February 2008

I believe nobody missed the news. Fidel Castro resigns and Raul is taking his place.

What’s important for us aficionados is whether this means that the trade embargo is going to be suspended. Unfortunately, it seems like the Americans will have to wait a little. Although Raul Castro expressed his desire to renew diplomatic relations with the United States, I doubt that there will be talk between him and George W. Bush. Check out some interesting information about Raul Castro. So far, Bush rejected the idea of negotiating with Castro (source).

In my opinion, changes will only happen:
a) After the presidential elections in the US
b) After somebody else took over the power in Cuba

I estimate that the embargo will be lifted in 4 years. What about you?

3 thoughts on “Fidel Castro stepping down – what’s next?

  1. Looking back, it’s highly possible Obama will open up some form of relation, and it may only be travel and immigration… but cigars, who knows? lets hope. rumour has it, cuban production will restore to full quality while supplying the US due to a mix of much increased income. However, perhaps the current growing situation will be spread a bit thin, and the price would skyrocket and production quality drop. Fingers crossed for the better.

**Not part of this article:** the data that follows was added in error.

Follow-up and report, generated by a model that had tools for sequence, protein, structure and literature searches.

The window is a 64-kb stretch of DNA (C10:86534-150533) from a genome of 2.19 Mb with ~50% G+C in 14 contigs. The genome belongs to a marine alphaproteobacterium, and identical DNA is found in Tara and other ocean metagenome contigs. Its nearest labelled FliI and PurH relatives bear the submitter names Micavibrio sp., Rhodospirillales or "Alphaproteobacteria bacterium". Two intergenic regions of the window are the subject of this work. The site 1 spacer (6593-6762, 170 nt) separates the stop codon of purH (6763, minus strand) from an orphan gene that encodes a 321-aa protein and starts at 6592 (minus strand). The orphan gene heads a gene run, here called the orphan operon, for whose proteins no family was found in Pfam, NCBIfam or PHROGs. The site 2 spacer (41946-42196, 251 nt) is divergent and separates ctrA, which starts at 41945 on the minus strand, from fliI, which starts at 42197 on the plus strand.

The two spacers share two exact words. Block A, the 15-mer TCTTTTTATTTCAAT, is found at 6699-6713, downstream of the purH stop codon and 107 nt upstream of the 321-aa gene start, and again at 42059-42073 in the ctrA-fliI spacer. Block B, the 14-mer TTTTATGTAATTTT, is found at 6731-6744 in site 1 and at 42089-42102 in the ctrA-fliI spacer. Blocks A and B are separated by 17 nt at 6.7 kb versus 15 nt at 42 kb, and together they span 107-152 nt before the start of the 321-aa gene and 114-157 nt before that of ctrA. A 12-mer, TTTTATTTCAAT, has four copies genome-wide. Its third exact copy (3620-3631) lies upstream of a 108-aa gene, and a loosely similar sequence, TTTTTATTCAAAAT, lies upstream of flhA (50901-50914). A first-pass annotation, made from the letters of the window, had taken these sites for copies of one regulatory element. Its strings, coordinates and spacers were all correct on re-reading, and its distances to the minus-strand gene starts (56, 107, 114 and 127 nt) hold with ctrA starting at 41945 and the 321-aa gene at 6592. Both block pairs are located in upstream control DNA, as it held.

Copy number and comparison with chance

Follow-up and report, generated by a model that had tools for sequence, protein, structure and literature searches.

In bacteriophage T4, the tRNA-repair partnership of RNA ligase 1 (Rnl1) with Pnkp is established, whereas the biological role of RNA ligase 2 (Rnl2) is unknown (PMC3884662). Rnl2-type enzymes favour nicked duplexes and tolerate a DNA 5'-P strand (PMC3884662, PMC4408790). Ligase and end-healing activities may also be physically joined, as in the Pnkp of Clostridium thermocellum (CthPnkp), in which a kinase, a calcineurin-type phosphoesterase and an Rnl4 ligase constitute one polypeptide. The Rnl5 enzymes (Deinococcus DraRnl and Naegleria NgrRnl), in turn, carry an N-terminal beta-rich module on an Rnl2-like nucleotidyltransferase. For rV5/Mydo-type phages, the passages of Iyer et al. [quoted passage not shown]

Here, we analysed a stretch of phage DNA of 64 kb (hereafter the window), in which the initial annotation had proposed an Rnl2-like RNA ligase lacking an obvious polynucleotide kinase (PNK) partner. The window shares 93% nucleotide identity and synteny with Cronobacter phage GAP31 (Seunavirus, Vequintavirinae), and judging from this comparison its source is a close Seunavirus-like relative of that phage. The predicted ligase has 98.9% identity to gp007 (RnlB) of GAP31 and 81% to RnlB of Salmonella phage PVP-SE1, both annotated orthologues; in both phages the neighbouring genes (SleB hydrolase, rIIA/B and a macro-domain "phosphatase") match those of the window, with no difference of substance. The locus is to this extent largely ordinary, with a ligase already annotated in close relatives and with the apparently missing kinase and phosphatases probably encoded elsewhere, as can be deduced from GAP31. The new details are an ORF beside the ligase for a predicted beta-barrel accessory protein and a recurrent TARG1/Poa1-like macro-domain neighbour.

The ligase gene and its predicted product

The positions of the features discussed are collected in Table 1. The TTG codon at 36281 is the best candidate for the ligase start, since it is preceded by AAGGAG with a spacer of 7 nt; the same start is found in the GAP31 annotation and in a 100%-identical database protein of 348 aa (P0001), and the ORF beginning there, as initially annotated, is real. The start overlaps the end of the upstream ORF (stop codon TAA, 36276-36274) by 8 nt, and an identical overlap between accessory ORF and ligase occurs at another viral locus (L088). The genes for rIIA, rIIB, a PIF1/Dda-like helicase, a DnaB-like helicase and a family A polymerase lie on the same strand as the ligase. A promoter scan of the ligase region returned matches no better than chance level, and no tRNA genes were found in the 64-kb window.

2. It depends on who becomes president. McCain and Clinton will refuse to engage the new Castro regime without conditions, so if either one is elected we’ll see the embargo maintained, unless the Cuban gov’t just crumbles for some reason. Obama is taking his chances (in Florida especially) by saying he will open discussions. That’s a far cry from lifting the embargo, but it’s a start. Of course, he’ll also sign SCHIP, which means that if he lifts the embargo we’ll be blessed with 30 or 40 dollar cuban cigars. And a BRAND NEW black market to play games with. Whoopee!

  3. The US Government’s Policy even before Bush was that talks won’t resume until things start to change. If Cuba starts to actually change things I think you’ll see the US be interested in opening up talks, especially since the original reason for the embargo is long gone.

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